Volunteers Help Seniors With Tech Tools

More than 60 local seniors improved their abilities to use personal computing devices at “Tech Day for Older Adults” at the Los Altos Senior Center May 17.

The free service project was co-hosted by the Palo Alto Medical Foundation’s David Druker Center for Health Systems Innovation linkAges TimeBank and the Los Altos Recreation Department. Partners included the Egan Junior High School PTA, the Bullis Charter School Booster Club, the Center for Age Friendly Excellence and the Stanford Alumni Association.

An estimated 80 volunteers taught seniors how to chat with friends and family via Skype and FaceTime; create a Facebook account; use laptops, tablets and smartphones; and participate in the linkAges TimeBank, a free service exchange network for all ages.

The event included residents of a range of ages, from teens to 80s.

“This is an amazing showcase of how technology is cementing the generations,” said Janet Corrigan, a Stanford alumna and attorney with Intel Corp. “Each generation has something to offer.”

Egan Junior High and Bullis Charter School students appreciated the interaction with seniors.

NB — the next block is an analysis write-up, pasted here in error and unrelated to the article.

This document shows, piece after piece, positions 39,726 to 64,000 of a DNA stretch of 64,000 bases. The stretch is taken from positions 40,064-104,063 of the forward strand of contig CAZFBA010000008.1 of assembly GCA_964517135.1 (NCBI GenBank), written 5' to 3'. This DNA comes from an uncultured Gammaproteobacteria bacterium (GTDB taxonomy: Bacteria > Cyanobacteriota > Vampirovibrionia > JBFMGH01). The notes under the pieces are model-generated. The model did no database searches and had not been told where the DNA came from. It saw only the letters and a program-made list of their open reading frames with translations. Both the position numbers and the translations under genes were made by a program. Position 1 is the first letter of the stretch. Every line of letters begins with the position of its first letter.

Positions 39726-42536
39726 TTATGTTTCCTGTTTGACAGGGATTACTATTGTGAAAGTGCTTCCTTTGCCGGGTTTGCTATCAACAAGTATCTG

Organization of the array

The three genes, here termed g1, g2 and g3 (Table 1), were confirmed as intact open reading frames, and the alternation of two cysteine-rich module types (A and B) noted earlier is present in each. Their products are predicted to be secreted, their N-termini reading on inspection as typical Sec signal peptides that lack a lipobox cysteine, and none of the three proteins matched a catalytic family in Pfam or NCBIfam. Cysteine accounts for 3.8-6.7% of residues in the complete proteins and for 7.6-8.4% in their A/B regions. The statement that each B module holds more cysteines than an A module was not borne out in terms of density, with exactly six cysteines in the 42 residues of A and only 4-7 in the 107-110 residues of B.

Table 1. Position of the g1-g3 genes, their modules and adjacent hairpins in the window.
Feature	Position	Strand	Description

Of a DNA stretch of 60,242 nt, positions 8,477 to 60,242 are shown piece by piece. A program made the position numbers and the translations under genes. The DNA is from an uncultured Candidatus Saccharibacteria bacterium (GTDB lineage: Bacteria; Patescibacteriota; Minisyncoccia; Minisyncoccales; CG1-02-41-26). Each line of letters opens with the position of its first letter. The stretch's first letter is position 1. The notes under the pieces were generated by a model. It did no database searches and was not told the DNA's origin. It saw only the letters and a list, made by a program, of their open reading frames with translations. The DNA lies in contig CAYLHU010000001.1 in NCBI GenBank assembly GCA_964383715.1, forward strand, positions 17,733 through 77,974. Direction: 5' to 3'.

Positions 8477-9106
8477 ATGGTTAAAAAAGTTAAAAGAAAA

“At first, I was a little shy working with someone I didn’t know,” said Bullis Charter School sixth-grader Sebastian Vargas. “But I enjoyed teaching (a senior) how to FaceTime with his grandson on the East Coast. It was also cool to hear about what life was like when he was a kid.”

Kim Albright, Egan PTA president, praised the partnerships formed to host the event.

“We are glad to partner with the Bullis Boosters Club and linkAges TimeBank to facilitate this unique opportunity to serve and interact with a different generation of adults … right here in our own community,” she said.

A team from the Druker Center provided information on the components of linkAges, a multigenerational network that supports aging in the community. Members of the linkAges TimeBank were on hand to put into practice their community-building skills with seniors.

Alan Baker helped a senior optimize network connectivity and performed a general computer tuneup.

“TimeBanking is a great community builder in places where you didn’t know there was a community,” he said.

According to organizers, “Tech Day for Older Adults” embodied the concept of linkAges – linking ages for intergenerational teaching, learning and building community.

“These multigenerational exchanges and networks help to build a better future and change lives,” said Los Altos resident Anabel Pelham, professor of gerontology at San Francisco State University and founding director of the Center for Age-Friendly Excellence.

Developing Tomorrow’s Talent

People today generally agree that the goal of education is to convey knowledge. But if all the world’s knowledge is instantaneously available online via a mobile device, how does that affect what we need to teach in schools and through other educational channels?

Education is becoming less about acquiring knowledge and more about how to analyze, evaluate, validate and use the unlimited information that is available to us. We will need to teach more critical thinking, collaboration and social skills. Perhaps we will not teach answers, but how to ask the right questions.